The University of Maine’s Advanced Manufacturing Center (AMC) has entered into a new agreement with the Maine Manufacturing Extension Partnership (Maine MEP) that will expand the center’s capacity, Maine MEP announced.
The partnership, which will place a Maine MEP project manager at AMC, will promote closer collaboration between the organizations with the goal of enhancing the services available to manufacturers in the state, according to a Maine MEP news release.
Forest Wentworth, a UMaine graduate with a bachelor’s degree in mechanical engineering technology, has been hired as the MEP/AMC project manager. Wentworth will provide research, design and manufacturing services to private sector clients and will serve as Maine MEP’s liaison with AMC, the release states.
“This partnership expands the capacity of AMC to offer engineering and manufacturing solutions to Maine companies,” says John Belding, director of AMC.
Belding said although Wentworth will be mainly responsible for supervising projects in the AMC machine and fabrication shop, he will also contribute to outreach efforts by regularly visiting manufacturers around the state to promote the center’s services.
The Maine MEP is a program of the Maine Department of Economic and Community Development and an affiliate of the National Institute of Standards and Technology (NIST) under the U.S. Department of Commerce.
The full release is online.
The University of Maine is celebrating its 150th anniversary in 2015 with events on campus and statewide, and an interactive website to encourage community engagement by the many constituents of the state’s land and sea grant university.
In a Jan. 23 letter to the community, UMaine President Susan Hunter noted the significance of this anniversary for the state and its many constituents — an opportunity to celebrate UMaine’s legacy and to understand how that history informs the university’s future.
“The University of Maine’s 150th anniversary observance will reaffirm the teaching, research and economic development, and outreach mission of a 21st-century land grant institution, and its potential to change lives,” President Hunter said in her community letter.
“For 150 years, the University of Maine has had a leadership role in the state. Because Maine’s potential is our purpose, UMaine serves as the state’s major research and cultural hub, linking our resources with the needs of industries and businesses, schools, cultural institutions, Maine government and communities. In this, our 150th year, there is more recognition than ever that the land grant university can — and must — play a key role in enhancing the quality of life for citizens all across Maine and beyond,” Hunter said.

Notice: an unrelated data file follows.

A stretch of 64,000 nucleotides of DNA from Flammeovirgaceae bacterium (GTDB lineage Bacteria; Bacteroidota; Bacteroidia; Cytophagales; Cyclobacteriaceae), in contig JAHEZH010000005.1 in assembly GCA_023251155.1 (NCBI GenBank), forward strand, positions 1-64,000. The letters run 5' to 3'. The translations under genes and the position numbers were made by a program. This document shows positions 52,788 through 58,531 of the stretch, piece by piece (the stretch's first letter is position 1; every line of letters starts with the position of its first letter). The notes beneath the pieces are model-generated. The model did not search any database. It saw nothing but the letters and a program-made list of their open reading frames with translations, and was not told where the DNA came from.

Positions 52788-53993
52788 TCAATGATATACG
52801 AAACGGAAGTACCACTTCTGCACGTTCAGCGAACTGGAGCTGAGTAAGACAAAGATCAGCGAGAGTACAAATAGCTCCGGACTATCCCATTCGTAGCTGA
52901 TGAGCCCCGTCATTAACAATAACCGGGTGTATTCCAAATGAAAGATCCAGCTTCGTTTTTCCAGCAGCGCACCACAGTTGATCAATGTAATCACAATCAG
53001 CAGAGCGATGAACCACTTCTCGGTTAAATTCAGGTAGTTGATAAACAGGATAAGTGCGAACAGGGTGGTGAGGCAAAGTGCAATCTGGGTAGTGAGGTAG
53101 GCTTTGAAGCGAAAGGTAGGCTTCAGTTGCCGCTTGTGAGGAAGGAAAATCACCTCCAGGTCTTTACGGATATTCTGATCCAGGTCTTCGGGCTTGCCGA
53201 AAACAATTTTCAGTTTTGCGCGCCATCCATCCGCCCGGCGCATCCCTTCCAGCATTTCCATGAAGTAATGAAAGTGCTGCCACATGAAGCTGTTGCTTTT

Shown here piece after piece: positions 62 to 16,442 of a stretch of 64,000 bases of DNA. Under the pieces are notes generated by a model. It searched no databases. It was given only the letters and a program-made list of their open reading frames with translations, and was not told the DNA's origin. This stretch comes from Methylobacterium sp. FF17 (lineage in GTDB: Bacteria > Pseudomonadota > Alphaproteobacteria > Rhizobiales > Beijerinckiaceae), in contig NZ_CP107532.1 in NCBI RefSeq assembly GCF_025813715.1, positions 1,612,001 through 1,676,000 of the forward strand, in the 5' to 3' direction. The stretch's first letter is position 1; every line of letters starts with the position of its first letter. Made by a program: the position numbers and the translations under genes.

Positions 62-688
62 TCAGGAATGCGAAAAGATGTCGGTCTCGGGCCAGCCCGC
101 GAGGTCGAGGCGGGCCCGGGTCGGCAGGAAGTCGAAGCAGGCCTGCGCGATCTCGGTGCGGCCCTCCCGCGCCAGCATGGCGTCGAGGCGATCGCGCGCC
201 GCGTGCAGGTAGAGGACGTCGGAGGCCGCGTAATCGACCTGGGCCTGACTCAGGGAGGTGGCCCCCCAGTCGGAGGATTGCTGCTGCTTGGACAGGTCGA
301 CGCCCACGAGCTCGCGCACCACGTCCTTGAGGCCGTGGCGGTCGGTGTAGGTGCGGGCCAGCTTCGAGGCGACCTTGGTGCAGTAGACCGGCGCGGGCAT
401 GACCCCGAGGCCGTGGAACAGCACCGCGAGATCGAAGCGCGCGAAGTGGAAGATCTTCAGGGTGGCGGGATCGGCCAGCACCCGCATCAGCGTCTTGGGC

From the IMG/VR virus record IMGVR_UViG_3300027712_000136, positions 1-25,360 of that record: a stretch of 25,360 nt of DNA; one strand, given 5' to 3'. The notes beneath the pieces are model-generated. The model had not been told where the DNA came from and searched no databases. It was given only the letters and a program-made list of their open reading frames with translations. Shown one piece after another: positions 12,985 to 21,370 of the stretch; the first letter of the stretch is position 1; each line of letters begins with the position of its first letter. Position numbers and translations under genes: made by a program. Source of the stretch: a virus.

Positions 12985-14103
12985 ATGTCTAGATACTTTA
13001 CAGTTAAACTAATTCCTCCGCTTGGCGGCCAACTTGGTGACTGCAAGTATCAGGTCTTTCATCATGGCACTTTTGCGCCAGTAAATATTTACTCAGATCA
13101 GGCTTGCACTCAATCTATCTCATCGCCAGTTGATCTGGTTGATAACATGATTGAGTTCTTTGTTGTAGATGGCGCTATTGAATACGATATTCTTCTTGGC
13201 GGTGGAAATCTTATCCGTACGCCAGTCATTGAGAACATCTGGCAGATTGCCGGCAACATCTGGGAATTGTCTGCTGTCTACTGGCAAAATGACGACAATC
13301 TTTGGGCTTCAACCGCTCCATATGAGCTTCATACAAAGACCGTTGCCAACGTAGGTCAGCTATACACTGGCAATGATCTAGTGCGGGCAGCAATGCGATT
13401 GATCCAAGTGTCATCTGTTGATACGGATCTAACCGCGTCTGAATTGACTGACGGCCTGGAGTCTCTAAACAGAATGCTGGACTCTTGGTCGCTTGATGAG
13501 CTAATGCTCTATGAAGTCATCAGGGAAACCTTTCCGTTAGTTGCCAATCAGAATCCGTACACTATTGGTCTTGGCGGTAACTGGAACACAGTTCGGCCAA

President Abraham Lincoln signed the first Morrill Act establishing the land grant mission with the goal to provide “practical education that had direct relevance” to people’s daily lives.
The Maine legislature passed a bill to create Maine’s land grant institution on Feb. 24, 1865. Gov. Samuel Cony signed it the next day.
The first board of trustees, chaired by Hannibal Hamlin of Bangor, addressed the Maine people three months later, noting that “it is by the union of scientific knowledge with physical industry, that labor becomes most productive, and the laborer gains.”
UMaine welcomed its first class of 12 students in September 1868; the first graduation was held in 1872.
Today, UMaine enrolls more than 11,200 undergraduate and graduate students from throughout Maine and the U.S., and more than 65 countries, and has more than 105,000 alumni worldwide.
UMaine’s 150th anniversary events began with the School of Performing Arts benefit production, “150 Years of American Song: A Celebration of the University of Maine,” Jan 23.
Other 150th celebration events during this anniversary year:
- University of Maine Day at the State House in Augusta, Feb. 24 — the date 150 years ago that the Maine legislature passed the bill creating the Maine State College of Agriculture and the Mechanic Arts.
- Women in Leadership Week, March 23–27, featuring a Presidential Installation on March 26, Collins Center for the Arts.
- Maine Day, April 29.
- Commencement, May 9.
- Open University Day and Homecoming, Oct. 17–18.
More information about these and other anniversary events will be on the 150th website.
The 150th website provides news, archival photos and historical information, and opportunities for members of the UMaine community and its many constituents to share their memories of the university.
Contact: Margaret Nagle, 207.581.3745
University of Maine marine scientist Pete Jumars was quoted in a ScienceInsider article about a report on the future of ocean research that was recently released by a National Research Council (NRC) panel. The report calls for cutting spending on major ocean infrastructure, such as new ships and fixed seafloor observatories, in order to increase available funding for research, which has been on the decline, the article states. Jumars said bolting expensive equipment in specific places makes less sense now than in the past, due to advances in technology and especially “at a time when oceanographic processes are undergoing tremendous, rapid, climatic spatial shifts.”